Graeme Obree facing Dutch competition for human powered vehicle record attempt (+video)

Speed skating world champion turned Olympic cyclist Jan Bos to spearhead Dutch challenge

Just a fortnight after Flying Scotsman Graeme Obree revealed plans to attempt to break the world human powered vehicle speed record, a competing bid has been launched by Dutch former speed skater Jan Bos – raising the prospect of a battle similar to that involving Obree and Chris Boardman, among others, for the Hour record during the 1990s.

The current record of 82.819mph (133.28kph) was set by Sam Whittingham of Canada at Battle Mountain, Nevada, in September 2009. Whittingham first broke the record in 1999 at the same location, and has done so on five subsequent occasions.

Speeds, ratified by the International Human Powered Vehicle Association, are taken over a 200-metre distance following a flying start.

This year, a team of students from Delft University of Technology and the VU University Amsterdam reached a speed of 129kph at Battle Mountain with their fully-faired recumbent bike, VeloX.

The team has produced a video showing the design, construction and testing of Velox that gives a fascinating insight into what lies beneath the fairing.

Roll-out from Human Power Team on Vimeo.

As the team’s website acknowledges, “The challenge of reaching world record speeds is highly multidisciplinary. It is not only about making a vehicle that is highly aerodynamic, efficient and lightweight but also about getting the most out of a cyclist by selection and training.”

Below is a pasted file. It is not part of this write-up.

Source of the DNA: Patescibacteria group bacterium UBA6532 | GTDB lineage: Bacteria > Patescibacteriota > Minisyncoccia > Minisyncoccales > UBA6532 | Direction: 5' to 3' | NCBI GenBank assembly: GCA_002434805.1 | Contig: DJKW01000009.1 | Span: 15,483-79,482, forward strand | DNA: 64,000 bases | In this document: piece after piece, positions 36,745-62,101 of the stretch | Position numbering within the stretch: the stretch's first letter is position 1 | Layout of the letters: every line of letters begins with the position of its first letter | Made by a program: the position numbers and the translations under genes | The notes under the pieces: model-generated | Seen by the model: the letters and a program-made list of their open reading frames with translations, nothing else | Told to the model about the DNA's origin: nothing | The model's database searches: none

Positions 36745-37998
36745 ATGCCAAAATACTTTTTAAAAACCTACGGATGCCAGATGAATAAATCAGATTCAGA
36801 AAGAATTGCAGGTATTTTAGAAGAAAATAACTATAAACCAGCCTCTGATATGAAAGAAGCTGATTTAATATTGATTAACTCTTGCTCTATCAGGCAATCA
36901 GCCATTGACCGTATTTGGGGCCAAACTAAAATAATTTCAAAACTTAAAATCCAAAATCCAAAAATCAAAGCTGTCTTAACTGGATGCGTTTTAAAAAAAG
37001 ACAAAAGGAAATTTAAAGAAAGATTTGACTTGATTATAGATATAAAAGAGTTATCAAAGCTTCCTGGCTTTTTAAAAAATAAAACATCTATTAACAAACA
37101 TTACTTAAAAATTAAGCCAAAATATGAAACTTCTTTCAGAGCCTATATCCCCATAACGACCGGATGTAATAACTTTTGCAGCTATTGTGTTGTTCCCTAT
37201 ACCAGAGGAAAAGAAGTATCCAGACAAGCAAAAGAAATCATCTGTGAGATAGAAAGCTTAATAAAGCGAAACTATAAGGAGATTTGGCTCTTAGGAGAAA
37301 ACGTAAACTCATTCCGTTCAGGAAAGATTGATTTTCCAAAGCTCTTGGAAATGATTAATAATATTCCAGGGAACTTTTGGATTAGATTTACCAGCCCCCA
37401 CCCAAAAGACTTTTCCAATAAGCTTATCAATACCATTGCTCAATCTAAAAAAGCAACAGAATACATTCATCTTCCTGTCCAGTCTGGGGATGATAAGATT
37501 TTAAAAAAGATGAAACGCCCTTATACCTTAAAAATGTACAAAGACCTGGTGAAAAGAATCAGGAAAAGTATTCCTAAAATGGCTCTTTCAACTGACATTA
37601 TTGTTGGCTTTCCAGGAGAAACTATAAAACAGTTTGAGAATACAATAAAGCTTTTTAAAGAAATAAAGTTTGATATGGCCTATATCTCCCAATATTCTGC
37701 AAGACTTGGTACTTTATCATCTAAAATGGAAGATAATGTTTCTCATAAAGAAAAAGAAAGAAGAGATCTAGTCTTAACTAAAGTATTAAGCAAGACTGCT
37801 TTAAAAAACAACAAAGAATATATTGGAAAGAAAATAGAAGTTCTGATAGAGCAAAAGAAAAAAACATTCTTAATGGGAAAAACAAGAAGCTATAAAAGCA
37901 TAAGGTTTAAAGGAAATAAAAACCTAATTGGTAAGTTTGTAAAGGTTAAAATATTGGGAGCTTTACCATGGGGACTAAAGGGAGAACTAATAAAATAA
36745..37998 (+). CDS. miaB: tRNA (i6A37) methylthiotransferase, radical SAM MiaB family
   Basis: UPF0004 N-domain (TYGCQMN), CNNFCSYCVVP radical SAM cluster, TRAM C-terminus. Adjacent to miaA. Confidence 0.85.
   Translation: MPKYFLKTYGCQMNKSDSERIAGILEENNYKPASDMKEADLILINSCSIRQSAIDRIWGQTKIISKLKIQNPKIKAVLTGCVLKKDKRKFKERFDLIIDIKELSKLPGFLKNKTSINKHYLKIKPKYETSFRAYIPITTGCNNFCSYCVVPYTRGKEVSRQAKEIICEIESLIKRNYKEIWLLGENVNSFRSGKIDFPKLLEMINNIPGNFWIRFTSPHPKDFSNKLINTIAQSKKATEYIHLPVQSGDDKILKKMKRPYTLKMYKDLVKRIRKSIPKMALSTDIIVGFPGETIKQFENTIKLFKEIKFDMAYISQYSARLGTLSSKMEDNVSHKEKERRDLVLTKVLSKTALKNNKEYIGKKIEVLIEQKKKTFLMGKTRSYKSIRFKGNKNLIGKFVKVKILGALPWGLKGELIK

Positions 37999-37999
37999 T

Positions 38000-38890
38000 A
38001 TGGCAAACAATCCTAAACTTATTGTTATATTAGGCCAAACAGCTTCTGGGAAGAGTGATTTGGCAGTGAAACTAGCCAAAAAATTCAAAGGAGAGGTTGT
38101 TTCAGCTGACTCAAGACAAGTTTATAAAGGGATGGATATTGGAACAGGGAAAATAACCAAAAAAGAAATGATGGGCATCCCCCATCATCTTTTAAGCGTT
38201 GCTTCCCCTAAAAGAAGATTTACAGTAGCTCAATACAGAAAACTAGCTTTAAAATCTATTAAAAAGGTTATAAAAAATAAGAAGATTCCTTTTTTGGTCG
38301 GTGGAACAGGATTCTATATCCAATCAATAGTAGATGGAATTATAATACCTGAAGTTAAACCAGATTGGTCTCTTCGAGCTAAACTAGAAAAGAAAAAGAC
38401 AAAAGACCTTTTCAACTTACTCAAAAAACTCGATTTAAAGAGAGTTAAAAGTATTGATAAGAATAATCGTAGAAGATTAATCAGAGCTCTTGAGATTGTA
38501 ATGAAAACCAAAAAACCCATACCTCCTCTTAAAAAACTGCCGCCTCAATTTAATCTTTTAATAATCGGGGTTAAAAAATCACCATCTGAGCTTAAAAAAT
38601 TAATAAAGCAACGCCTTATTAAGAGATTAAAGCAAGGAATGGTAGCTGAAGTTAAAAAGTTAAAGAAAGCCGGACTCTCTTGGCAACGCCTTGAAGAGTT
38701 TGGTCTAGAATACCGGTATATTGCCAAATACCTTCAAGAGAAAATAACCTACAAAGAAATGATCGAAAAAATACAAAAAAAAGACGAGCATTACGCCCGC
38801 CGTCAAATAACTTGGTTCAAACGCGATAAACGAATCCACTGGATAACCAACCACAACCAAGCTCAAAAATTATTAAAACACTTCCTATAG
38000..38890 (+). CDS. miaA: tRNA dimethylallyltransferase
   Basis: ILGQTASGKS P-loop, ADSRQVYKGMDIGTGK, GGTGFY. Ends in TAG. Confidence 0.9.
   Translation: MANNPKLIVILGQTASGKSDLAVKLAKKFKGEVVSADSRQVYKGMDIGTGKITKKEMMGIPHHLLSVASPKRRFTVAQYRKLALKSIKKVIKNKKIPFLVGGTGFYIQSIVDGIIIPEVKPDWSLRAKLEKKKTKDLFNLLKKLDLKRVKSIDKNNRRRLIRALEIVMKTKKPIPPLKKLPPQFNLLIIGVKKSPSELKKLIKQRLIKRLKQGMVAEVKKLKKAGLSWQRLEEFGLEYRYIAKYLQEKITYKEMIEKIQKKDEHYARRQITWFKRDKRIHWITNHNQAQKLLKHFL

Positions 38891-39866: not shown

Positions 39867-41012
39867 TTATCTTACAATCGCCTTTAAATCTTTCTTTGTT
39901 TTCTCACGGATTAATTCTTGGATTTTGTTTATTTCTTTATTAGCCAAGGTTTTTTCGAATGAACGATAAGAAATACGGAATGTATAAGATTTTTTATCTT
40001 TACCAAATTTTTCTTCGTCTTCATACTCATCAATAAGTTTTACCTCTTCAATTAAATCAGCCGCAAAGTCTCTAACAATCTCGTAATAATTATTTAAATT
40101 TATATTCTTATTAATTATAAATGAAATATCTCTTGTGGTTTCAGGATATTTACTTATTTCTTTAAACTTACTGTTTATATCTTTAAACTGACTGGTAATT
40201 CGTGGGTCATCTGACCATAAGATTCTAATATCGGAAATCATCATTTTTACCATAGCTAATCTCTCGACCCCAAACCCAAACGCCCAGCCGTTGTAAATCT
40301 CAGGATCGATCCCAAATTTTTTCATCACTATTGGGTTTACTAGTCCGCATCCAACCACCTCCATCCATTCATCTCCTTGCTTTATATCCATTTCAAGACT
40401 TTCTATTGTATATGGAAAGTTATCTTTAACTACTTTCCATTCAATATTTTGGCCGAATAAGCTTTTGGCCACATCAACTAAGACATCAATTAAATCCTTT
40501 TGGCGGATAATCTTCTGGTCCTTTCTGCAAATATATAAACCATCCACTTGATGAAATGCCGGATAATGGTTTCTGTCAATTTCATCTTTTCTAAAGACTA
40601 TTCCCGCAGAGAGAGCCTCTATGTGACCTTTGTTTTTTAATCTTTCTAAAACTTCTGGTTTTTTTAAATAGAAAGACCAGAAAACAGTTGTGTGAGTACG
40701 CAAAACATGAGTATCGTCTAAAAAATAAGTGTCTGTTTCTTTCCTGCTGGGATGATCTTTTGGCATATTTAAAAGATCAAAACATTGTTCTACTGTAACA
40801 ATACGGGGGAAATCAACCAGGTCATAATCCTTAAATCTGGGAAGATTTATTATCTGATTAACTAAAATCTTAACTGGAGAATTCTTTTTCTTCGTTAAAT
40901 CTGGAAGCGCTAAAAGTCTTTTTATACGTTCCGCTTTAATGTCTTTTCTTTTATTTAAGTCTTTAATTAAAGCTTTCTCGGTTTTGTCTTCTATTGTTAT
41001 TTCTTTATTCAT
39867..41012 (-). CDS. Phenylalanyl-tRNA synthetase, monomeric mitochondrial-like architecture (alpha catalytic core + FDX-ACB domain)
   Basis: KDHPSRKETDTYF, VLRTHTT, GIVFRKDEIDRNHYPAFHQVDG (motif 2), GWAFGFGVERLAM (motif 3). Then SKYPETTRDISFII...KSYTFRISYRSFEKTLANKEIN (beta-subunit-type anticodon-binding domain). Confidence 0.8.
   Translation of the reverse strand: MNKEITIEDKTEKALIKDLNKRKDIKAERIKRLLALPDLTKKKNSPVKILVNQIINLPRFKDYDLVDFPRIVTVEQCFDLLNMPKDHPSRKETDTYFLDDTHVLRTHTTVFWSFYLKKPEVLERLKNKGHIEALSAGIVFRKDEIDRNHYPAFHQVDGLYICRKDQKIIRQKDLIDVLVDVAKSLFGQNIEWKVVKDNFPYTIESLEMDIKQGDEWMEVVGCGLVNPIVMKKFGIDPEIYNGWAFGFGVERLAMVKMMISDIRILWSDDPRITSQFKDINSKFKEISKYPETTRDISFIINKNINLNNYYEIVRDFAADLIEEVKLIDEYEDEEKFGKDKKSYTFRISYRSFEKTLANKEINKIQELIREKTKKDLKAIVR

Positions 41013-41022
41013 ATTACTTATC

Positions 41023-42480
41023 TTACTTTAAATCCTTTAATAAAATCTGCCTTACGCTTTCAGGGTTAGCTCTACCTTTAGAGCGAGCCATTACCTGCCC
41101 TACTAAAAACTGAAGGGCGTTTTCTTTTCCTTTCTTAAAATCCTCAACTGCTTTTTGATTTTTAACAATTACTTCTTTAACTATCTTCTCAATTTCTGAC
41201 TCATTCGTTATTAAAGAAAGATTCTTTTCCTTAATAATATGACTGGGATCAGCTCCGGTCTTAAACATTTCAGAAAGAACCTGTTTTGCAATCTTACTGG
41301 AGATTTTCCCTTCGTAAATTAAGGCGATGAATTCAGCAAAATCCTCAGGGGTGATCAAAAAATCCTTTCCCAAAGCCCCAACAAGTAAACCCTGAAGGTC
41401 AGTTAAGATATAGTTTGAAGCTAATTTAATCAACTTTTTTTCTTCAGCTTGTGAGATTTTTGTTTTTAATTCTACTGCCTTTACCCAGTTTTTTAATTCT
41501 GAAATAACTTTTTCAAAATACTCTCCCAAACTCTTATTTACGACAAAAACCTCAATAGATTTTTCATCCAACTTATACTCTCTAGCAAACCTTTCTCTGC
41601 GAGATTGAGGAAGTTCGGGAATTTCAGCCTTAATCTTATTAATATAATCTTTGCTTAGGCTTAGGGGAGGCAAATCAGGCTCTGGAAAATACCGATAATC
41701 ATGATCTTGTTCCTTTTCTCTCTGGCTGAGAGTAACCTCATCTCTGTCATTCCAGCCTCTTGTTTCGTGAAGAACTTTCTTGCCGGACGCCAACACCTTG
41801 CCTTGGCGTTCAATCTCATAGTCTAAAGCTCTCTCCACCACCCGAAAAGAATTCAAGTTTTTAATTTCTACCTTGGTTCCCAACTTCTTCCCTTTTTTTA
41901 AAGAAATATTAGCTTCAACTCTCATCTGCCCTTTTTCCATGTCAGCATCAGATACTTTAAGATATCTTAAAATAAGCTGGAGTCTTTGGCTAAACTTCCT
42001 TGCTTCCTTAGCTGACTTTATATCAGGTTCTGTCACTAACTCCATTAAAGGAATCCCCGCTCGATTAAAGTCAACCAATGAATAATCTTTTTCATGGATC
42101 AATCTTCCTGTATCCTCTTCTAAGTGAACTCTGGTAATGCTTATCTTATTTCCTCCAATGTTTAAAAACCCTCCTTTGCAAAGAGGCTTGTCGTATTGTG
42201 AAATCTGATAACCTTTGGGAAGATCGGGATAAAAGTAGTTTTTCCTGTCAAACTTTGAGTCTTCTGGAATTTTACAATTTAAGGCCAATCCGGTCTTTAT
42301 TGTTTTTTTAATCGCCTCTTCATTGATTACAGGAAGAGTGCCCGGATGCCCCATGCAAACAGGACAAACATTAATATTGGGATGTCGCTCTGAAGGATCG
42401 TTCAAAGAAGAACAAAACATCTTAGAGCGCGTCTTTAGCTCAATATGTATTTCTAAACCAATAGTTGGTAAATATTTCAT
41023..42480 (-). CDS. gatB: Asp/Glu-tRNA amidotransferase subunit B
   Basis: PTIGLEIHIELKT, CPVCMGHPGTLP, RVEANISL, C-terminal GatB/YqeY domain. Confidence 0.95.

Bos, best known as a speed skater – he won silver medals at the Winter Olympics in Nagano and Salt Lake City, and is a two-time world champion – is also an accomplished cyclist.

Together with his brother Theo, now riding for Rabobank, and Teun Mulder, Bos was part of the Dutch team sprint squad that finished sixth at the Athens Olympics in 2004.

The 2012 World Human Powered Speed Challenge takes place at Battle Mountain from 10-15 September.

Simon has been news editor at since 2009, reporting on 10 editions and counting of pro cycling’s biggest races such as the Tour de France, stories on issues including infrastructure and campaigning, and interviewing some of the biggest names in cycling. A law and languages graduate, published translator and former retail analyst, his background has proved invaluable in reporting on issues as diverse as cycling-related court cases, anti-doping investigations, and the bike industry. He splits his time between London and Cambridge, and loves taking his miniature schnauzer Elodie on adventures in the basket of her Elephant Bike.

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